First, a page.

10 December 2013 - Human Rights Day marks the anniversary of the adoption by the General Assembly of the landmark Universal Declaration of Human Rights. " This year's observance also marks 20 years since a bold step forward in the struggle to make rights a reality for all: the adoption by the World Conference on Human Rights of the Vienna Declaration and Programme of Action", said Secretary-General Ban Ki-moon. The adoption of that Declaration led to the establishment of the UN High Commissioner for Human Rights to oversee the international human rights framework, promote human rights and protect individuals against abuse.
"The outcome of the Vienna Conference twenty years ago has given us the tools to pursue human rights in a more active and assertive way" said Yury Fedotov, Executive Director of UNODC. "The principles enshrined in the Declaration and Plan of Action help connect our efforts here at the United Nations at Vienna to focus on people, advocate the well-being of the individual by underpinning all our work here". Mr. Fedotov referred to the protection of health and welfare, including of people who use drugs and are living with HIV; victims of human trafficking and violence against women; or the work with States to uphold the rule of law and fight corruption.
UNODC mandates in supporting implementation of the UN conventions related to drugs, crime, corruption and terrorism have direct human rights implications. UNODC works to bolster Member States' capacities to address transnational threats as a way to promote the rule of law, which is conducive to the protection of human rights. Below are the main areas of work.
Health is the cornerstone of drug policy. Drug abuse is an illness affecting around 25 million problem drug users worldwide. UNODC helps to address vulnerability by promoting science-based, humane and voluntary treatment for drug dependence. To lessen the adverse consequences caused by drugs, UNODC advocates a comprehensive package of measures to reduce vulnerability, treat the drug illness, and prevent the spread of diseases associated with drug use, like HIV and hepatitis.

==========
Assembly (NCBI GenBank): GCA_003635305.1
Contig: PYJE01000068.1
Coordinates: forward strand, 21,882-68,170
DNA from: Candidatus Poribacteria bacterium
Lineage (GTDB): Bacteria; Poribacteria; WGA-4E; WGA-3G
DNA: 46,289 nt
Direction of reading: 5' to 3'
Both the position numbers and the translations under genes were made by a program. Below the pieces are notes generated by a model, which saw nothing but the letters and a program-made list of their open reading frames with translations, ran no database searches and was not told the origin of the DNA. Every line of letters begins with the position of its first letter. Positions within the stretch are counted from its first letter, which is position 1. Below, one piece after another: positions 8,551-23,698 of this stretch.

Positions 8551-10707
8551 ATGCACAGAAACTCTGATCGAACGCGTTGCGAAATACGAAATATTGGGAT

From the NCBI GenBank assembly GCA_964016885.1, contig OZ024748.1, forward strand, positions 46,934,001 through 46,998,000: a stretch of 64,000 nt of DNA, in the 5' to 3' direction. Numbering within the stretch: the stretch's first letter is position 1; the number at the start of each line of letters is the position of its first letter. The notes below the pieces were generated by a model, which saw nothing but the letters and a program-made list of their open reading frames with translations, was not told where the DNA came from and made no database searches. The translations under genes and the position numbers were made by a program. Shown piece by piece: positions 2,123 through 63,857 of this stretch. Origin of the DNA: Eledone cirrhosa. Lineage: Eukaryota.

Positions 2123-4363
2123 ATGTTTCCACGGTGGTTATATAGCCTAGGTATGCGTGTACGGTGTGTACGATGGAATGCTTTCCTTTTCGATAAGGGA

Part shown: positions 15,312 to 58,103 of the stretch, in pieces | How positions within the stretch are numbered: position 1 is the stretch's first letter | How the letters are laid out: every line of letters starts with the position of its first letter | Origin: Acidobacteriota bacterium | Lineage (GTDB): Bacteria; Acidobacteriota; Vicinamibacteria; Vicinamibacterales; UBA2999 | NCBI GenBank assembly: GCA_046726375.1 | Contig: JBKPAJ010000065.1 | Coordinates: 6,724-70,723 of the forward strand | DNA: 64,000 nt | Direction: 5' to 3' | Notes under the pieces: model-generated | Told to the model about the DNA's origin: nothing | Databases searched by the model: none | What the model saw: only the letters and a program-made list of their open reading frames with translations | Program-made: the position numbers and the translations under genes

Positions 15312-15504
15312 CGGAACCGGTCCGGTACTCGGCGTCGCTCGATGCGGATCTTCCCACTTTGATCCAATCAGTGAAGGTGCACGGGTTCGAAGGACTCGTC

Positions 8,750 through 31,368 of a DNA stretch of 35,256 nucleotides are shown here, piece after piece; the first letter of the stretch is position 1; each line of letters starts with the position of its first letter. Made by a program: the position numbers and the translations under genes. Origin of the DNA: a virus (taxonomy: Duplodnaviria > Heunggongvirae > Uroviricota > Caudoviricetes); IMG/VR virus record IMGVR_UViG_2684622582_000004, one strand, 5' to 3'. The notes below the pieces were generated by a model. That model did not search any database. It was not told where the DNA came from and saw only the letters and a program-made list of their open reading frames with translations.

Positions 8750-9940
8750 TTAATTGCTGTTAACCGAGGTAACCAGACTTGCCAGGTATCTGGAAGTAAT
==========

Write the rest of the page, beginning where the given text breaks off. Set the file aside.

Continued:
UNODC builds fair and effective criminal justice systems. It helps States to reform all the aspects of their criminal justice systems, with particular emphasis on vulnerable groups. The Office has developed projects in the areas of juvenile justice, penal reform and support to victims.
UNODC has succeeded in bringing about recognition that those subjected to trafficking and migrant smuggling are victims rather than criminals. The victim-centred approach is designed to address the root causes that push victims to fall prey in the hands of criminals. A Voluntary Trust Fund for the Victims of Trafficking in Persons, Especially Women and Children managed by UNODC, has been set up to provide humanitarian, legal and financial aid to victims. The Fund's Small Grants Facility established in 2011 brings direct assistance to those affected by this crime.
UNODC promotes the rule of law, a pre-requisite for the enjoyment of inalienable human rights, by tackling corruption and promoting good governance. In developing countries, corruption contributes to the theft of development assistance from the world's poorest people; billions of dollars urgently needed for health care, education, clean water and infrastructure are drained through bribes. Citizens are denied their basic needs and rights. The UN is taking action through the UN Convention against Corruption, which contains strong measures to boost integrity, which are applicable to both the public and private sectors.